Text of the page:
Unlike the first time they monitored the other checkpoint, when volunteers said they were met with resistance from the agents who set up enforcement barriers and used their vehicles to block their views, this time the agents were, in general, professional and respectful, said Jacobson.

She and fellow member Peter Ragan have a lawsuit pending in federal court alleging First Amendment rights violations. The Border Patrol declined to comment due to the lawsuit.

Continue reading at the Arizona Daily Star.

Rare cross-border drug raid leaves 2 dead, 22 in custody

Two people were killed and 22 suspected members of the Sinaloa Cartel were arrested during what is believed to be an unprecedented cross-border law enforcement operation in Sonora, officials say.

Mexican officials had been investigating a stash house that was used for drugs and people in a rural area of the border town of Sonoyta, Sonora. The town is across the border from Lukeville, the popular border crossing used to reach the beach town of Puerto Penasco.

On Friday, Mexican federal officers raided the property, resulting in a shootout with armed men guarding the property.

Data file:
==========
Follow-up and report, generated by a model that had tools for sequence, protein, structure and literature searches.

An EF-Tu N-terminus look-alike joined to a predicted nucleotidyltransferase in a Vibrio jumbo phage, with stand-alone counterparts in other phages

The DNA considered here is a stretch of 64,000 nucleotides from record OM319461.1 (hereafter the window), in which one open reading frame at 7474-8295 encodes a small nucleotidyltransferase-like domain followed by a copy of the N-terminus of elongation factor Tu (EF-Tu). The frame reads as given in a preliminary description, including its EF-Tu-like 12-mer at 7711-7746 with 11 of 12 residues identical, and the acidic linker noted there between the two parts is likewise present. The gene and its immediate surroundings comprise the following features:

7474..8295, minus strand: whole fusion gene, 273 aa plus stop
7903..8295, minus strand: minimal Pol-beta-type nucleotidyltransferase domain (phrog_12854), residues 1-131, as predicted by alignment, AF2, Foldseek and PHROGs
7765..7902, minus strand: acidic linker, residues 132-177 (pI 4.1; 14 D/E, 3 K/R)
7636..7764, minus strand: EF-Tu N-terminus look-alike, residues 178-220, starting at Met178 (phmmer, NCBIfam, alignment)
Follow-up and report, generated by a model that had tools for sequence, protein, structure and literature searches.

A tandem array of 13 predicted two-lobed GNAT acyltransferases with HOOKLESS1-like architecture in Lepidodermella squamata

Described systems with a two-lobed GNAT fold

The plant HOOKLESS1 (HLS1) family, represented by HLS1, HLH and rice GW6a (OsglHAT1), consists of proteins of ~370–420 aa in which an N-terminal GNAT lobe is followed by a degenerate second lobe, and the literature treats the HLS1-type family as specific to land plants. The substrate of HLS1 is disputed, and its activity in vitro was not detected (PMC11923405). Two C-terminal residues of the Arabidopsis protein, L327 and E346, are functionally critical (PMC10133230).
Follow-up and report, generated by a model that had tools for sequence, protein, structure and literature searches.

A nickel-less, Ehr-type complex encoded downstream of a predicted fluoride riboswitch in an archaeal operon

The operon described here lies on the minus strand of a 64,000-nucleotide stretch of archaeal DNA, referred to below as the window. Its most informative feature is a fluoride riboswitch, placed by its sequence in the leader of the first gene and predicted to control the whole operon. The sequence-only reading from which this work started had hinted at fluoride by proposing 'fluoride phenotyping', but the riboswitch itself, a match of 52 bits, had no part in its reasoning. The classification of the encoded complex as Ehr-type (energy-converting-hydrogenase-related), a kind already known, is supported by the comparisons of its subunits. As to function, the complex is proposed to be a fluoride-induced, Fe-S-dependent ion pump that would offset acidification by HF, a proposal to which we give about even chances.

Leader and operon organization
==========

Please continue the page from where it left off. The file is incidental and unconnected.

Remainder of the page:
The names of those killed and those arrested have not been provided, but U.S. Immigration and Customs Enforcement officials said over the weekend that those arrested were in the custody of the Mexican government. American officials were to seek extradition of individuals facing criminal charges here.

Mexican law enforcement staged for the operation in Lukeville with the assistance of U.S. law enforcement agencies, which some call a first.

“I’ve been living here for 15 years, and there’s no precedent for a mega-operation, even less so of a binational one,” said Hugo Regalado, Sonoyta’s city manager. He said city officials have been talking with long-time Sonoyta residents and no one remembers seeing anything like it before.